• participating in aquatic resource and oceans management planning - through development of resource and oceans management plans and coordination of community input into the development of plans;
  • undertaking scientific research activities to support appropriate watershed / ecosystem-based management efforts, including the collection and gathering of Aboriginal Traditional Knowledge (ATK);
  • undertaking research, monitoring and related activities in support of sustainable aquaculture;
  • developing protocols on ATK - dealing with new and innovative approaches to collect, analyze and integrate this information into environmental and habitat assessments and management practices; and
  • developing, implementing and monitoring AAROM capacity building strategies;
  • developing enforcement capacity (including Aboriginal Fishery Officers (AFOs), multi-disciplinary conservation officers as well as the upgrading of skills of Aboriginal Guardians, restorative justice initiatives);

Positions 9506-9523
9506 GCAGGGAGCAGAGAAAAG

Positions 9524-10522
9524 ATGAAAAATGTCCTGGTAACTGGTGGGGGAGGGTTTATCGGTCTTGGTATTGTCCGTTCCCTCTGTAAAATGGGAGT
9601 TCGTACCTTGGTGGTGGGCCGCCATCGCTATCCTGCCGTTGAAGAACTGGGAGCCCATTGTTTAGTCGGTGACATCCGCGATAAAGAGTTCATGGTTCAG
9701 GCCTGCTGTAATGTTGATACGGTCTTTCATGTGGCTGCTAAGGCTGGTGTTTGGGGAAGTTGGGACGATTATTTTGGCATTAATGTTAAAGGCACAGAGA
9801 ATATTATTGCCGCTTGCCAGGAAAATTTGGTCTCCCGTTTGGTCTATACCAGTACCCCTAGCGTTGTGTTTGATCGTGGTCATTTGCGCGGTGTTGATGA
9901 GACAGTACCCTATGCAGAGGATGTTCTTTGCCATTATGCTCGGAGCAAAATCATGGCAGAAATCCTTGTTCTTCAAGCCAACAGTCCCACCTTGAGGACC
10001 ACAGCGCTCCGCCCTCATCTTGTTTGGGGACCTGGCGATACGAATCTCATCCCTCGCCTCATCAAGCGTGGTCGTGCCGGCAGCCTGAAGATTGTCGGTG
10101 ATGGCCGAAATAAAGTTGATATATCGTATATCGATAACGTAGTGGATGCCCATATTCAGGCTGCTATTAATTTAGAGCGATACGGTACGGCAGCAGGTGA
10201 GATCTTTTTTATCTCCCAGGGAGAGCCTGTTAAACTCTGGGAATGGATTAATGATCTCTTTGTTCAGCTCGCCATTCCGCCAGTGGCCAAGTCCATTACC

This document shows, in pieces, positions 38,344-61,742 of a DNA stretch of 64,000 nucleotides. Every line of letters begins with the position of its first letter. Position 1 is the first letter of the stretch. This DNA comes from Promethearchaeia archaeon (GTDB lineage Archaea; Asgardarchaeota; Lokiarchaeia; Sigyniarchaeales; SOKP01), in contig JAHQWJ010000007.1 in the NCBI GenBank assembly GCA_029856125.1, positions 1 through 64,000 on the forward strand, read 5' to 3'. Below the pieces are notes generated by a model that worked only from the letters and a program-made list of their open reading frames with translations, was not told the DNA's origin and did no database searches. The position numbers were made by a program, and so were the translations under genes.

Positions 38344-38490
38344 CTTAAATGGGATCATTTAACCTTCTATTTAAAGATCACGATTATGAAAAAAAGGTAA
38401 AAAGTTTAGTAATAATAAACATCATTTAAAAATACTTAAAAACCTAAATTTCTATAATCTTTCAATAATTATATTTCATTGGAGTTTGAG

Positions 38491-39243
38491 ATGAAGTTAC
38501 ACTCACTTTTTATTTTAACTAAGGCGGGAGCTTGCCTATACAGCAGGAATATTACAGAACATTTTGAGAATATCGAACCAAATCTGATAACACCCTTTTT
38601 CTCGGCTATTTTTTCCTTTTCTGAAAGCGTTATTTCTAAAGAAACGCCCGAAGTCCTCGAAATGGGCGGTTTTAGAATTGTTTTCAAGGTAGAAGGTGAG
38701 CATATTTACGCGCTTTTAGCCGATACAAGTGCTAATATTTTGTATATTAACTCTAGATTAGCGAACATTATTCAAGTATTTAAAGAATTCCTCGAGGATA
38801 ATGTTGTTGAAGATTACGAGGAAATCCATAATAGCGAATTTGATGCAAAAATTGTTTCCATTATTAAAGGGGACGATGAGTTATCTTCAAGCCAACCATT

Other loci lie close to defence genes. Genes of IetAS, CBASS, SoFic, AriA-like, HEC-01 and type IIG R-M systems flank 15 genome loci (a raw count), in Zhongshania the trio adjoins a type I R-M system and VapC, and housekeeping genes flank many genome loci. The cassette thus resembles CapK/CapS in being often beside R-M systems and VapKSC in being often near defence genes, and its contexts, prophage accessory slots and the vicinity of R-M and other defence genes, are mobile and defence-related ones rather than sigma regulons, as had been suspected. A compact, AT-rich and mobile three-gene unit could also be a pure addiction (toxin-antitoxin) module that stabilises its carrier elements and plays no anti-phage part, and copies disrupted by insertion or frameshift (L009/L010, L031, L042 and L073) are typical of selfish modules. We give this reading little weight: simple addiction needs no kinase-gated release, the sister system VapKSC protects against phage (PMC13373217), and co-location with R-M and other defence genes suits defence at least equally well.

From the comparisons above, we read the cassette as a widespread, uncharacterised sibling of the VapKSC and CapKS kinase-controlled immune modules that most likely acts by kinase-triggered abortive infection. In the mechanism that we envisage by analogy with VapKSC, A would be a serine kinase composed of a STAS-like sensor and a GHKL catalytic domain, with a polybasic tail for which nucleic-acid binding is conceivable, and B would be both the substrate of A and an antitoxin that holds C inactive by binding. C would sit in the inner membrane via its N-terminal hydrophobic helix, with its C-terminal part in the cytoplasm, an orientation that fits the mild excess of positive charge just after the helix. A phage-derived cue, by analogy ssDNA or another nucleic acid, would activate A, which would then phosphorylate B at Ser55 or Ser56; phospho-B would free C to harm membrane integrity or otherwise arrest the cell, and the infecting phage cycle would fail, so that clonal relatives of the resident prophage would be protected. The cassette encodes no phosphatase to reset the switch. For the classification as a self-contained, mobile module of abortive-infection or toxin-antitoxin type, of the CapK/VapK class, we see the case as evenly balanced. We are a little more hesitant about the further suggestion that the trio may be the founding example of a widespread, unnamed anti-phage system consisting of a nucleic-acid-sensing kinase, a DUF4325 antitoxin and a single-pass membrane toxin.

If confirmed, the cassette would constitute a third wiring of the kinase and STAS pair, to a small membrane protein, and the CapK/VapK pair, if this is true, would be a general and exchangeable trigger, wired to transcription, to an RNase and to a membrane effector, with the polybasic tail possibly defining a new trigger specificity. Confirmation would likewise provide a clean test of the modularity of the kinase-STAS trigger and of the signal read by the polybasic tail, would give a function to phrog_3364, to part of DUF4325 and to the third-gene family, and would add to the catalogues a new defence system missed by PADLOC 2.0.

• planning and holding consultation sessions with member communities on AAROM-related issues;
  • conducting community outreach, stewardship and awareness activities;
  • conducting liaison activities with other relevant/interested parties;
  • ongoing program planning, administration and reporting activities of the AAROM Collaborative Management body;
  • negotiation and implementation of related AAROM agreements (and associated protocols) for which DFO is a signatory;
  • other potential activities related to DFO's mandate.

1.B. Details Required in Structuring Your Project Proposal

Management framework for the establishment of a professional watershed/ecosystem management body (the following activities should have been developed/completed under the capacity development phase of AAROM):

  • Type of governing body
  • Organizational structure including management board(s)
  • Articles of incorporation
  • Mission / vision / mandate statement(s)
  • Terms of reference(s)
  • Relationship to other governing bodies/infrastructures as well as to member communities